the public roads were so infested with thieves and robbers, who stopped all they met with, and robbed them of what they had, that travellers and merchants with their carriages were obliged either to quit their employments, and not travel at all; or, if they did, were obliged to go in private roads, and roundabout ways, to keep clear of those rapparees the highways and public roads abounded with. Not only did those Canaanitish robbers go upon the highway, and robbed all they met with, which made travelling difficult and dangerous; but entered into the villages and unwalled towns, and broke into houses and plundered them; so that the inhabitants of them were obliged to quit their dwellings, and go into the fortified cities for security; by which means the villages were left empty, and in time fell to ruin, and ceased: for they were the villages which belonged to the Israelites that were plundered, and not those that belonged to any of the Canaanites; and these were the unhappy circumstances Israel were under. (studylight.org, ibid, 1-9-13 post)

The problem was, the Hebrews had been unfaithful to the Lord (Jdg 5:8). They had thus lost the capacity to defend their lives; few had shields or spears. But from this wreckage of their society, God raised up Deborah who saw herself as a mother, loving God's children by administering his judgments.

In her song, she is inspired as a leader to praise the faithful men who stood up for the Lord and to exhort those who drew back and did not assist in defeating Sisera. Let it be known who is on the Lord's side!

Though there were prancing of their mighty ones, (Jdg 5:22) yet the Lord gave Barak the victory, and Jael was to be thanked for ending Sisera's terrible crimes. According to Judges 5:27, he fell down at Jael's feet; her blow to his head did not at first kill him, but it was enough.

Deborah's song of rejoicing ends with these beautiful words, So let all thine enemies perish, O LORD: but let them that love him be as the sun when he goeth forth in his might. And the land had rest forty years.

Like Deborah, let us strengthen the things which remain, that are ready to die, (Rev 3:2) and we shall be as that sun.

The woman saw a sword...

Rejoicing Women - Second in a Series

Judges 5 begins, Then sang Deborah and Barak the son of Abinoam, however, it soon becomes clear that it is her song. Barak joins with her but does not phrase it. Let's look at Judges 4 to understand why.

Early in the book of Judges, after being delivered from many enemies by three judges, Othniel, Ehud and Shamgar, roughly two centuries after the death of Moses and one century before Israel's last judge, Samuel, would rule, a strange occurrence is introduced: A woman is judging Israel under the shade of her own palm tree (Jdg 4:4, 5).

Evidently leadership in proclaiming God's Word had fallen to a woman, an unusual occurrence. In any case God honored her, which some commentators view as his way of provoking the men to be ashamed of themselves for their lack of desire to serve the Lord.

As Deborah sat beneath her private palm judging the Hebrews, a time came when she sent for Barak and charged him, Hath not the LORD God of Israel commanded, saying, Go and draw toward mount Tabor, and take with thee ten thousand men of the children of Naphtali and of the children of Zebulun? (Jdg 4:6)

Evidently Barak had received a word from God to go to war and Deborah was assuring him. He lacked confidence even though the Lord had stated he would deliver Sisera, captain of the Canaanite army, into his hand. (Jdg 4:7) So he said to Deborah, If thou wilt go with me, then I will go, but not if you don't. (Jdg 4:8)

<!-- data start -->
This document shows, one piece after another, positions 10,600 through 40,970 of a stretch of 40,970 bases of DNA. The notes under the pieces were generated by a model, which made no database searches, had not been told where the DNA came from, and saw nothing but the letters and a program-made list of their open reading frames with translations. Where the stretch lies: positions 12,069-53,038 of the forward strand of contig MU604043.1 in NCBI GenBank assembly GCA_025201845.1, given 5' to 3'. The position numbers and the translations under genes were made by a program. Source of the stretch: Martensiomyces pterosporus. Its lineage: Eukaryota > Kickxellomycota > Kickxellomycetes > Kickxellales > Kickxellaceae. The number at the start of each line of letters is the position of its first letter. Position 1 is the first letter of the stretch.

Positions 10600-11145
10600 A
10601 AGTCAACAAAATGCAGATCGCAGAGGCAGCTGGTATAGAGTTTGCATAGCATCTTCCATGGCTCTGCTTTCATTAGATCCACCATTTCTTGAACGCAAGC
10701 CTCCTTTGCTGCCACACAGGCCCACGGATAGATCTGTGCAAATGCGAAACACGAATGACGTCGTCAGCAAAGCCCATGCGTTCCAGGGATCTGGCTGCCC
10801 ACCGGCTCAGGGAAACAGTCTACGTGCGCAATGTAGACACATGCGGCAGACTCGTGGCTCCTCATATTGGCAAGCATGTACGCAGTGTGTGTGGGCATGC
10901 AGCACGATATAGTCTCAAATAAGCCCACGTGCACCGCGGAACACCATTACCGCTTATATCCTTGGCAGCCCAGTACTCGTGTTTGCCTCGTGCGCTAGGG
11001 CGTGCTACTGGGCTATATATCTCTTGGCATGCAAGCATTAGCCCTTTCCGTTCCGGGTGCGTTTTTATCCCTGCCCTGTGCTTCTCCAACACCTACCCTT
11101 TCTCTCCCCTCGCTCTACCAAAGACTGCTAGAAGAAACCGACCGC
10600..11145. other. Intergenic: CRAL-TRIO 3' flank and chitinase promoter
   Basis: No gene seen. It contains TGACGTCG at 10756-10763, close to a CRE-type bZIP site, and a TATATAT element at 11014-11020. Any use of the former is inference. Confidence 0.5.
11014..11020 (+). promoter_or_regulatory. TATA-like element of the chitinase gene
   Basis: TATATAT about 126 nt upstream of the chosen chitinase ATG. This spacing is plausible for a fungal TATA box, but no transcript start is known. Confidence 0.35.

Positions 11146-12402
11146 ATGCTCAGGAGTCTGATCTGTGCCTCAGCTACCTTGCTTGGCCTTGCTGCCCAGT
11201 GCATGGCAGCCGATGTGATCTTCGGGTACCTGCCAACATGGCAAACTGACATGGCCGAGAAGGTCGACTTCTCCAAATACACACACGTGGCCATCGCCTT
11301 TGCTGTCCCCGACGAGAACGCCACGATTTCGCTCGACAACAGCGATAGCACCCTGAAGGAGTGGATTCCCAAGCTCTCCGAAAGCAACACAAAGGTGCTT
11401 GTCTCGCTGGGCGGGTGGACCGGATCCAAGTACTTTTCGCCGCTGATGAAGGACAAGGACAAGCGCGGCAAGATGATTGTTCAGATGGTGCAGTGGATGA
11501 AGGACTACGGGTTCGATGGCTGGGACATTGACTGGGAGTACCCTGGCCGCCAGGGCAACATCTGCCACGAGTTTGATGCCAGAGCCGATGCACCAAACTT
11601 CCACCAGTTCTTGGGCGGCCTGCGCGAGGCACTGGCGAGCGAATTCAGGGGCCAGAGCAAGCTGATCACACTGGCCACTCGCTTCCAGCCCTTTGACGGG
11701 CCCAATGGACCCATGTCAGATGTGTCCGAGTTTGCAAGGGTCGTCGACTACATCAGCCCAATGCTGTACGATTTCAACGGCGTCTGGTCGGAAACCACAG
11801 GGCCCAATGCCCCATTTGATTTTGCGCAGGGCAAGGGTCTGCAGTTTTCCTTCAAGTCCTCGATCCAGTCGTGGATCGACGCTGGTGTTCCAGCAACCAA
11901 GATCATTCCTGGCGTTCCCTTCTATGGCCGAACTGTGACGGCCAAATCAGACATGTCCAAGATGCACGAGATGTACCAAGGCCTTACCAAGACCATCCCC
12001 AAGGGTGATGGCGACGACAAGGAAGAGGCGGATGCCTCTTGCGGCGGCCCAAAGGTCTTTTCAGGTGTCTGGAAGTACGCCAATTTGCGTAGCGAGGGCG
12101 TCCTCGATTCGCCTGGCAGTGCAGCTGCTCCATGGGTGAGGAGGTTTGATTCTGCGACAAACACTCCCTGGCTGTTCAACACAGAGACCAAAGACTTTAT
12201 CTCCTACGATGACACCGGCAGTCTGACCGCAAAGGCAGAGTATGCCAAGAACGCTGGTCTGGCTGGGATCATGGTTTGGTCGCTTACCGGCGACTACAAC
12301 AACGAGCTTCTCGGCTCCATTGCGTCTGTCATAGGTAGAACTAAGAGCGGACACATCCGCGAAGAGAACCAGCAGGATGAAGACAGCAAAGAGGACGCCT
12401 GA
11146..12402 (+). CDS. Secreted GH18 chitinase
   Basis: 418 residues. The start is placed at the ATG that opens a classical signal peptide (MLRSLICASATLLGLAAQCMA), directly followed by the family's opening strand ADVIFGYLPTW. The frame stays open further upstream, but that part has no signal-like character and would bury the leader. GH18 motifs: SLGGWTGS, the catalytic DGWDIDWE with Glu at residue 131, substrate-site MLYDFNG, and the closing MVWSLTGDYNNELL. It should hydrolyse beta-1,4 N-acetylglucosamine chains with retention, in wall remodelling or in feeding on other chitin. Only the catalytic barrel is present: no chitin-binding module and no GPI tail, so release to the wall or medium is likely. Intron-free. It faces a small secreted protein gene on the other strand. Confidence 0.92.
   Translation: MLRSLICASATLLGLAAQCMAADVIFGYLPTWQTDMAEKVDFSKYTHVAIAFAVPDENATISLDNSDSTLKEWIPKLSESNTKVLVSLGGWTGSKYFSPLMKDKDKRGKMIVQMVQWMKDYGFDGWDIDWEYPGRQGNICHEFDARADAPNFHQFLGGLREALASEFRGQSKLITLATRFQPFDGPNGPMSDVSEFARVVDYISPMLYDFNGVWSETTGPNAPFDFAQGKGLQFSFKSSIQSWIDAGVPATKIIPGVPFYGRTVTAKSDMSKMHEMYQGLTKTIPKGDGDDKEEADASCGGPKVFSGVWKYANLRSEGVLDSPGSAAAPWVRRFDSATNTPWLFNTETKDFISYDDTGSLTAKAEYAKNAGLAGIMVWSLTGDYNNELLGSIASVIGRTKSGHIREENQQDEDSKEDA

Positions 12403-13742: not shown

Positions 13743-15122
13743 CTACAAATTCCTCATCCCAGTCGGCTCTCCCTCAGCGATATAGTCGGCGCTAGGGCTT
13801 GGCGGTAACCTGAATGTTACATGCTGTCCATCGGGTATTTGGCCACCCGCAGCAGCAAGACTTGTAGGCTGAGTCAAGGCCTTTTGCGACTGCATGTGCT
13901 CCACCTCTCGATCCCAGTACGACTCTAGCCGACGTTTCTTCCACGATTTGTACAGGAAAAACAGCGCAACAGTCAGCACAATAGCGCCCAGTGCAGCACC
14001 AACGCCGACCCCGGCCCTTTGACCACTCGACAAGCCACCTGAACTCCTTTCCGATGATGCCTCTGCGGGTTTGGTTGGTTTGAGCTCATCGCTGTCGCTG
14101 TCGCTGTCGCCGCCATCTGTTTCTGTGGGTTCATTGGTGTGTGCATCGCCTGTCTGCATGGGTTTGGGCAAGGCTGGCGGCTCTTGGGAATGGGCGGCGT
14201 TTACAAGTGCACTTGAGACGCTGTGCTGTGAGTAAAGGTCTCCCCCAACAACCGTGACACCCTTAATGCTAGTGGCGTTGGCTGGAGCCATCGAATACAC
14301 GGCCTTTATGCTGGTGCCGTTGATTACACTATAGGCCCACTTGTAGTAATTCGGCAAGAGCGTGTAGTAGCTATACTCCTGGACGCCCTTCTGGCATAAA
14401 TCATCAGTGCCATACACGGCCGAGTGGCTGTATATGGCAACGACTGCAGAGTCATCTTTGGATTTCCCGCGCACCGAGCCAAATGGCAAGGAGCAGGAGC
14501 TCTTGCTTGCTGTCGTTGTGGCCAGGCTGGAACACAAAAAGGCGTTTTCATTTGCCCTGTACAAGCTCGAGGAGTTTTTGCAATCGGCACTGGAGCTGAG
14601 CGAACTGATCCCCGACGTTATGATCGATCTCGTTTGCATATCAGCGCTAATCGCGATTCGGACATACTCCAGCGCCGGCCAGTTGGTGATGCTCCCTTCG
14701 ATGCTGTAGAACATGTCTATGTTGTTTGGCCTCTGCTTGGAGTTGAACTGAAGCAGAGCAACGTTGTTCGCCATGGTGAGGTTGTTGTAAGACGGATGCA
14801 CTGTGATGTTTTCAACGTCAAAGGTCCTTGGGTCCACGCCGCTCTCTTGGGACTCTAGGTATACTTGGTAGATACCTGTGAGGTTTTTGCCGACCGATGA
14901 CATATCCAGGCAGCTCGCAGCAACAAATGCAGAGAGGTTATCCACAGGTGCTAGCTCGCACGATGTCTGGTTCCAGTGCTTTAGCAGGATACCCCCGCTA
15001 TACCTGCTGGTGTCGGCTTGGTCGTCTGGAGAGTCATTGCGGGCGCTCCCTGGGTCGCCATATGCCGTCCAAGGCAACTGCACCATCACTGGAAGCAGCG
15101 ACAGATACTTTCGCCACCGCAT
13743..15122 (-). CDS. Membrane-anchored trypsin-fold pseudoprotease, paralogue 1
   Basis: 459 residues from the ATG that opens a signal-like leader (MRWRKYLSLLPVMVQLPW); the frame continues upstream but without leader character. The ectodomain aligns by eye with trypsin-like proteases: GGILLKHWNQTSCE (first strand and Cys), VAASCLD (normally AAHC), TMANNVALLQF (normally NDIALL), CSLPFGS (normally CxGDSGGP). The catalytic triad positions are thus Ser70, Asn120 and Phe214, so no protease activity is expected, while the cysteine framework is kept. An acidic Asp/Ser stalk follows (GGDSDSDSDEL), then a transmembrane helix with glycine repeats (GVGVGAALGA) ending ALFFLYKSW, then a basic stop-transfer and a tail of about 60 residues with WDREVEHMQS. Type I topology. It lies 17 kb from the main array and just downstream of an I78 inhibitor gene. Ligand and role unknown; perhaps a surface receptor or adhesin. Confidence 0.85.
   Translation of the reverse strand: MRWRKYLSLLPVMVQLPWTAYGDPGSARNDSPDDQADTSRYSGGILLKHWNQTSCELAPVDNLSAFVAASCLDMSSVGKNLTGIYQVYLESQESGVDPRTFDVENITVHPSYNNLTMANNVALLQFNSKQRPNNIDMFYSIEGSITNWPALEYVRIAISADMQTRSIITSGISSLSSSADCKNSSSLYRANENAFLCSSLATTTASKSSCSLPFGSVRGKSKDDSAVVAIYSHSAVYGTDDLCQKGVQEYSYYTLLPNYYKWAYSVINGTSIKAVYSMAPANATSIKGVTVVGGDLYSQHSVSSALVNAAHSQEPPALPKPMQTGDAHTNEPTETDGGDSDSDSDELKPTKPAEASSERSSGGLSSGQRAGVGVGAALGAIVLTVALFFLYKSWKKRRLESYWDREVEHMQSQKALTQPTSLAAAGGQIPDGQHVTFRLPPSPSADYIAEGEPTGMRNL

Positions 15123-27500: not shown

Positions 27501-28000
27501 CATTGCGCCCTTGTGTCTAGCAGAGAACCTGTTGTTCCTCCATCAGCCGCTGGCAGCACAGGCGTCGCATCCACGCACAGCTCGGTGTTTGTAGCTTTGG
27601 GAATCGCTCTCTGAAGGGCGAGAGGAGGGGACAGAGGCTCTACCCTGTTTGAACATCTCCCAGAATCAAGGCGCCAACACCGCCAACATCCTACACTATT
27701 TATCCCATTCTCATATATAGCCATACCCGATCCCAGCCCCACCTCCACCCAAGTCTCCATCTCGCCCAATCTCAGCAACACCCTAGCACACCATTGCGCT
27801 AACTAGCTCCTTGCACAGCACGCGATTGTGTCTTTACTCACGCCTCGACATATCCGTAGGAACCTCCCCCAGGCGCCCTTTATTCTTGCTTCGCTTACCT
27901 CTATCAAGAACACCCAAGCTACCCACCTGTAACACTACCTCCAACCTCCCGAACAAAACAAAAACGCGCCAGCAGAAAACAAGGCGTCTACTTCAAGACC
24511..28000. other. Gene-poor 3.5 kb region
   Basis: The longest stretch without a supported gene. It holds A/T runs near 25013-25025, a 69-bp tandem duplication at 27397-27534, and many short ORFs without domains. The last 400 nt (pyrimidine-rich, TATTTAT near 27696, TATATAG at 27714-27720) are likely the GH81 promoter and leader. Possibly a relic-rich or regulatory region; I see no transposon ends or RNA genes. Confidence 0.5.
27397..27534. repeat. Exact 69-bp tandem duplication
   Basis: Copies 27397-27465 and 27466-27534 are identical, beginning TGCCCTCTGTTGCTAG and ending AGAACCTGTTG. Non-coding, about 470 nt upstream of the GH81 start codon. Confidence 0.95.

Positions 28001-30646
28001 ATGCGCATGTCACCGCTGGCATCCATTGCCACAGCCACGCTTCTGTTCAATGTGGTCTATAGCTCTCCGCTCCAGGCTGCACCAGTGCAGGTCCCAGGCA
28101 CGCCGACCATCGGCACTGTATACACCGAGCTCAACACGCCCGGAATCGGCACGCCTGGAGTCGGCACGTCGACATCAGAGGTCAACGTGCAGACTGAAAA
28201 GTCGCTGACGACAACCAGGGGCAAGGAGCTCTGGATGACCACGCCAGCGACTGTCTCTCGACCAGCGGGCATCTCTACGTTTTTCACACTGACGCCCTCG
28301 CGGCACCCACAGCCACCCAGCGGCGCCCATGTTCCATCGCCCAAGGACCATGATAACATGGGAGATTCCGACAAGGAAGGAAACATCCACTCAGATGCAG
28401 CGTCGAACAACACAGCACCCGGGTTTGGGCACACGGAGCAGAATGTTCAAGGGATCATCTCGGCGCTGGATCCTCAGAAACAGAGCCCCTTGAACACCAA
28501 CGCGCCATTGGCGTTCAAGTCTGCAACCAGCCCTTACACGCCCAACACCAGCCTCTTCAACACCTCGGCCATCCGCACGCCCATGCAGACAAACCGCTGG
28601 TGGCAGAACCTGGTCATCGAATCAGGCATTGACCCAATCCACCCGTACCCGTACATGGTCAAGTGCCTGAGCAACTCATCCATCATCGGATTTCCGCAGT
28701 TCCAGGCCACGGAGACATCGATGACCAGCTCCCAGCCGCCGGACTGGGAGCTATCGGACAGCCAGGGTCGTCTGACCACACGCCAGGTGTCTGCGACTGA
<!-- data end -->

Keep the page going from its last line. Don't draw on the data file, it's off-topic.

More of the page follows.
She agreed to go but prophesied, The journey that thou takest shall not be for thine honor; for the LORD shall sell Sisera into the hand of a woman. (Jdg 4:9) She knew that Barak ought to look to the Lord, not to her.

So Barak called Zebulun and Naphtali to Kedesh and there were 10,000 men, and Deborah (Jdg 4:10). It is also noted that Heber the Kenite, a relation of Moses by marriage, was living in the area and that his kin helped Sisera by showing him that Barak had stationed his army at mount Tabor (Jdg 4:11).

Sisera gathered 900 chariots of iron and his troops. A historian, Josephus (ref) states that his army consisted of 3,000 infantry and 10,000 calvary besides the iron chariots. In an excellent commentary, John Gill has written this of the chariots: (ibid)

...chariots which carried scythes at the side of them, fastened to the orbs of the wheels, and were on both sides; and in some stood out ten cubits which running furiously among the infantry, cut them to pieces in a terrible manner; of which Cyrus had in his army at first but an hundred, afterwards increased to three hundred; and yet here a petty prince of Canaan had nine hundred of them.

Deborah said to Barak, Up; for this is the day in which the LORD hath delivered Sisera into thine hand: is not the LORD gone out before thee? So Barak descended mount Tabor followed by his 10,000 troops.

Seeing the active obedience of his people, the Lord discomfitted their enemies by the edge of his sword so that Sisera jumped from his chariot, and then Barak pursued his troops. (Jdg 4:15-16)

Today, when we are called to defeat terrifying enemies against all odds, our Lord still goes before us with his sword, the sword of the Spirit, which is the word of God Eph 6:17, our Bible. This word has power to clear our way, strengthen us, and give us the victory. The sword of the Lord driving, reaching, polished, pure, strong, tested, reflecting the light of a thousand suns, going before Barak all the way down the mountain, pictures the Word as our shield and defense (Prov 30:5; Mat 4:4).

to be continued

Attention Readers